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2 | An English Girls’ School in Ottoman Jerusalem

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pp. 41-81

Annie Landau initiated several changes during the months she spent at the helm of the Evelina de Rothschild School while Fortunée Behar was away. Shortly after Behar’s return, Olga d’Avigdor, the honorary secretary of the Ladies’ Committee of the Anglo-Jewish Association, arrived in Jerusalem to review the conditions of the school. She was accompanied by Lucy Haynes, an...

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3 | Rebuilding in British Jerusalem

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pp. 82-124

Jerusalem surrendered to General Edmund Allenby in early December 1917, one month after the Balfour Declaration, promising the Jews a homeland in Palestine, had been issued in London. Allenby’s humble walk through the Jaffa Gate into the Old City marked the beginning of a new phase in the history of the Middle East.1 Jerusalem, denuded by the retreating Turkish army of...

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4 | Return to Frutiger House

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pp. 125-161

In 1930, Annie Landau began her fourth decade at the helm of the Evelina de Rothschild School. The disruption caused in previous years by malnutrition and health crises no longer threatened regular school attendance. Ethel Levy and a team of dedicated teachers attended to the daily program of the school. Landau, as energetic as ever, turned her attention to her long-harbored...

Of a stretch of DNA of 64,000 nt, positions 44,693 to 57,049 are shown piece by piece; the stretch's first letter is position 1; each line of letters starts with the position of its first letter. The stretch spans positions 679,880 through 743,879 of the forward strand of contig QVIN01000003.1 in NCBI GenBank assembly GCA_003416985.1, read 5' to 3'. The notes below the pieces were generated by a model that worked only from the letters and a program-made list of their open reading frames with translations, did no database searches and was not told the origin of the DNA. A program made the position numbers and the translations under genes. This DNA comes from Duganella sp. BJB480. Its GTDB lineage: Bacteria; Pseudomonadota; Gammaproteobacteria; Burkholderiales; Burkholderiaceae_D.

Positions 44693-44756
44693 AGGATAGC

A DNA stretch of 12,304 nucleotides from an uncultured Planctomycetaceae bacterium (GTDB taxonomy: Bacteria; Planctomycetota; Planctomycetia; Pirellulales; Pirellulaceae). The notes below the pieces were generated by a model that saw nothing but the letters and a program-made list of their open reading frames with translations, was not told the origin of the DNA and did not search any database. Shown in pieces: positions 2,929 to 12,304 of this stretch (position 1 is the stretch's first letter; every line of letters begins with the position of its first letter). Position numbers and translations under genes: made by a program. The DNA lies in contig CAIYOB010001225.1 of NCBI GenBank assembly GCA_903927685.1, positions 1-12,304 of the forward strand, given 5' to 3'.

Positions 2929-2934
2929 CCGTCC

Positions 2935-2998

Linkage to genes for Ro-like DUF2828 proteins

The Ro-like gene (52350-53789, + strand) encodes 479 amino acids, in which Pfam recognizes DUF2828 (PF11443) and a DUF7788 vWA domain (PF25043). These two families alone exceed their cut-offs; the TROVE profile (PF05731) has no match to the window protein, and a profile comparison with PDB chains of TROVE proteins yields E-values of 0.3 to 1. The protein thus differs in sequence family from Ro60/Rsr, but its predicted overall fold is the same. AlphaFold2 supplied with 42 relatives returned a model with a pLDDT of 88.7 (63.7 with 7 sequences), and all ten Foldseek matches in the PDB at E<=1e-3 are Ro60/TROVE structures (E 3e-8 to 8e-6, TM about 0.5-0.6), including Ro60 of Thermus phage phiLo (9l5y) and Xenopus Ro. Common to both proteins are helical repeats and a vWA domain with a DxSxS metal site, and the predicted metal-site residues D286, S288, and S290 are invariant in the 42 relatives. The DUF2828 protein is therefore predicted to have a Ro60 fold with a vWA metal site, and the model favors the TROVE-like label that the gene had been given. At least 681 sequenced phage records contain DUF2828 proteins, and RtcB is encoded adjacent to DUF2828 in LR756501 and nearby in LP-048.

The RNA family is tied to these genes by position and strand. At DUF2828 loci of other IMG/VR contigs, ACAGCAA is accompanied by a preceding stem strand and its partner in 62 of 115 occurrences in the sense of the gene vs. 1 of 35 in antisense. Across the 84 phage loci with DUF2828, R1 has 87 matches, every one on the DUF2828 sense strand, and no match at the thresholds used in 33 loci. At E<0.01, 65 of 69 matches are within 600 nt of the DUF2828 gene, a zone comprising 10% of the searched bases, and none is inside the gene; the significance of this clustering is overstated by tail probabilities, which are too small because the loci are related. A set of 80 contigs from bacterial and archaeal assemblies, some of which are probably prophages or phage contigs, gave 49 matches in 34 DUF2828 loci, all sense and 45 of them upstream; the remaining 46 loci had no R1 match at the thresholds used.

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5 | School Magazine: The Girls Speak Out

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pp. 162-200

The Evelina students were deeply influenced by the enduring British values of their headmistress, but their lives were also affected by the growing nationalism of their families and friends. They went about their schoolwork with resolve, offering friendship to the new students from Germany and expressing both pride in their own accomplishments and rousing school...

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6 | Transitions: 1940–1960

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pp. 201-235

In 1940, the school year began a week late; Annie Landau and others were delayed in returning to Jerusalem because the war created difficulties in securing transport for civilians. A few weeks after classes resumed, the girls were summoned into the hall corridor to be fitted for gas masks by Major Sparks, who was in charge of Air Raid Precaution (ARP) in Palestine. Despite...

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Epilogue: Lessons Learned

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pp. 236-262

When Annie Landau arrived in Jerusalem in 1899, she found it to be in a pitiful state. She believed that the poverty, disease, dirt, and lack of initiative that characterized the Jewish community of the city were a result of the woeful neglect of the education of its girls, and she devoted her life to changing the situation, developing a curriculum focused on Jewish values and modern...


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pp. 263-280

Works Cited

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pp. 281-288


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pp. 289-300

E-ISBN-13: 9781611684865
E-ISBN-10: 1611684862
Print-ISBN-13: 9781611684841

Page Count: 280
Publication Year: 2013